The sports that have seen the biggest increase in racial diversity are those drawing crossover athletes — those talented in one sport who adapt to a new one.

“Sometimes it’s just that they haven’t been introduced to the sport,” Thompson said. Many bobsled athletes, for example, are former elite track sprinters.

This year’s delegation includes Erin Jackson, the first African-American woman to qualify for the U.S. long-track speedskating team, and Jordan Greenway, the first black hockey player on the men’s team.

Biney, an effervescent 17-year-old and the first African-American woman to compete for the United States in speedskating at the Winter Olympics, has quickly become a social media darling.

She was born in Ghana and moved to the United States at age 5. She learned how to skate soon after, but her coach told her father she was too fast for figure skating. So she enrolled in speedskating.

“I think it hit, I think it finally hit,” Biney said at the opening ceremony. “I’m actually here at the Olympic Games. Holy cow. It’s awesome.”

On Jan. 3, Biney tweeted her thanks to “the real MVP,” Shani Davis, who is competing in his fifth Olympics. In 2006, at the Turin Olympics, Davis became the first African-American to win an individual gold medal at the Winter Games.

In her Twitter post, Biney said of Davis: “You’ve inspired me and paved the way as the first African-American speed skater to make an Olympic team.”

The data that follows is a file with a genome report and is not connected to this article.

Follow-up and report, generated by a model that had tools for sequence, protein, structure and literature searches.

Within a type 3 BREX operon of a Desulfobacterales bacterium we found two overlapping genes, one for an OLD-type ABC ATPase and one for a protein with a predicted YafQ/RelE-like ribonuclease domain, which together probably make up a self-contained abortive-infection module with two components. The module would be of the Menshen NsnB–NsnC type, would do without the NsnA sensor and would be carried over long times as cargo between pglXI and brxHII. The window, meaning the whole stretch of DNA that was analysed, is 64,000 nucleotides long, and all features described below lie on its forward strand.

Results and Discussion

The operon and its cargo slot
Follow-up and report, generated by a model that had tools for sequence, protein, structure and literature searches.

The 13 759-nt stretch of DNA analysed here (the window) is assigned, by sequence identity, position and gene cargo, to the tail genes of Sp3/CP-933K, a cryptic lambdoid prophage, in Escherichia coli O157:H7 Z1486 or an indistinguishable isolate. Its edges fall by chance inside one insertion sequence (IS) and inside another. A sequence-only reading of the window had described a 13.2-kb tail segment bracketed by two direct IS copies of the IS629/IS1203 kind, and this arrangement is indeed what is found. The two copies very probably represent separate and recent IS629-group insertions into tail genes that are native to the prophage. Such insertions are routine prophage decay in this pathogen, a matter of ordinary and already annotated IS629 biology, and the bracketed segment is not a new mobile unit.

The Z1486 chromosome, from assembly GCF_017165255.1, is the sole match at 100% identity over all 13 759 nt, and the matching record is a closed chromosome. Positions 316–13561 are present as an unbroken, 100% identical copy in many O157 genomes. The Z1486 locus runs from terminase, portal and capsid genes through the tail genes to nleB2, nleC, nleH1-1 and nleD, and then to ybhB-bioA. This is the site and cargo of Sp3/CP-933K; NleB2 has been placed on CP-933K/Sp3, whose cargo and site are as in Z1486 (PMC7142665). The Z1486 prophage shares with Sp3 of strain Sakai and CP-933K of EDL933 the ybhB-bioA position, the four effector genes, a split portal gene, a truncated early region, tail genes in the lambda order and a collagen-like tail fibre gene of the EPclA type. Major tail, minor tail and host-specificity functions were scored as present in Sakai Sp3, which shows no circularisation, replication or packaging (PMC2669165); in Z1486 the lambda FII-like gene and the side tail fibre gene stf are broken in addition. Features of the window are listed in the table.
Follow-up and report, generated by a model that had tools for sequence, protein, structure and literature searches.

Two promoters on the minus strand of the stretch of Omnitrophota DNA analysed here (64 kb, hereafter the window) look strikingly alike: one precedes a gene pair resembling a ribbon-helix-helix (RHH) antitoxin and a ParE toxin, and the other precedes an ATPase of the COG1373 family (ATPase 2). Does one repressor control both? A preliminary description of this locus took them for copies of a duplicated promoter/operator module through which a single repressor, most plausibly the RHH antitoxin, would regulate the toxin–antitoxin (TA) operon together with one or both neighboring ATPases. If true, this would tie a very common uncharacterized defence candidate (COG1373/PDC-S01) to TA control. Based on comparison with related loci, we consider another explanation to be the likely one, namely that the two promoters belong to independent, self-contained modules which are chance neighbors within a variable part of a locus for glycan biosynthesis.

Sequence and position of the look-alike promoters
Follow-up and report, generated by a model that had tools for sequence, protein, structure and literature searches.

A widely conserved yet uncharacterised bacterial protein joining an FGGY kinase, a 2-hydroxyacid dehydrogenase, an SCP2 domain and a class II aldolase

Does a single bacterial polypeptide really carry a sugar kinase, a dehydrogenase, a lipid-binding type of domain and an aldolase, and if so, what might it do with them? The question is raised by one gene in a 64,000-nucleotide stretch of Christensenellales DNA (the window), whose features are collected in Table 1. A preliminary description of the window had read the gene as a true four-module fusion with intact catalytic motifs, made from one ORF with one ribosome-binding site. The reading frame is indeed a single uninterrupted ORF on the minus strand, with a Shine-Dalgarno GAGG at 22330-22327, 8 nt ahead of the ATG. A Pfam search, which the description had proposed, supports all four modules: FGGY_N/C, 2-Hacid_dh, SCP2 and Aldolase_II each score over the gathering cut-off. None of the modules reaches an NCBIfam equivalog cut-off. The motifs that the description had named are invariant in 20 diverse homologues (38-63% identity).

Davis has been in conflict with the USOC after it used a coin flip to decide which athlete out of two finalists would carry the American flag in the opening ceremony.

The committee, he said in a Twitter post last week, “dishonorably tossed a coin to decide its 2018 flag bearer.”

“No problem,” he added. “I can wait until 2022. #BlackHistoryMonth2018 #PyeongChang2018”

Davis has not commented since, and has made his Twitter account private, leaving others to interpret what he meant by the Black History Month reference.

If Biney is feeling the pressure of paving the way for the next generation of African-American women entering the sport, she is taking it with stride. She was full of laughter Saturday shortly after securing her spot in the final 16 in the 500 meters. “I’m just ready to get out there on Tuesday and let it rip,” she said.

Thirteen athletes from eight African nations will be competing in South Korea, the largest representation of athletes from African nations in any Winter Games. There has yet to be a Winter Olympics medal awarded to any athlete representing an African nation.

The Nigerian bobsled team has high, perhaps sky high, expectations to change that.

They make up the first African nation to compete in bobsled at the Olympics, and, win or lose, they said that they hope to make a lasting impression.

“This could be something that would be really cool, something that we give back, something that people could just be proud of and we could be just kind of low key, get it done, and we could just live in that legacy,” Seun Adigun, the captain and driver of the team, said in Pyeongchang. “Or, people would get really, really excited, and then we’d have to figure out how to manage life that way.”

They already are celebrities in the athletes’ village.

Yet they did not get to the games easily.

Just the cost of equipment and travel can quickly overwhelm an athlete reaching for qualification. And for nations without Olympic delegations, much of the work that normally falls on organizing bodies instead falls on the athletes.

Nigeria had no bobsled federation until the women on the team created one.

Adigun raised $150,000 on GoFundMe, a crowdsourcing website, to help fund her team’s training and gear.

The team is now featured in Beats by Dre ads and is a part of Team Visa promotions.

They, along with the team from Jamaica, will take their first Olympic run Feb. 20.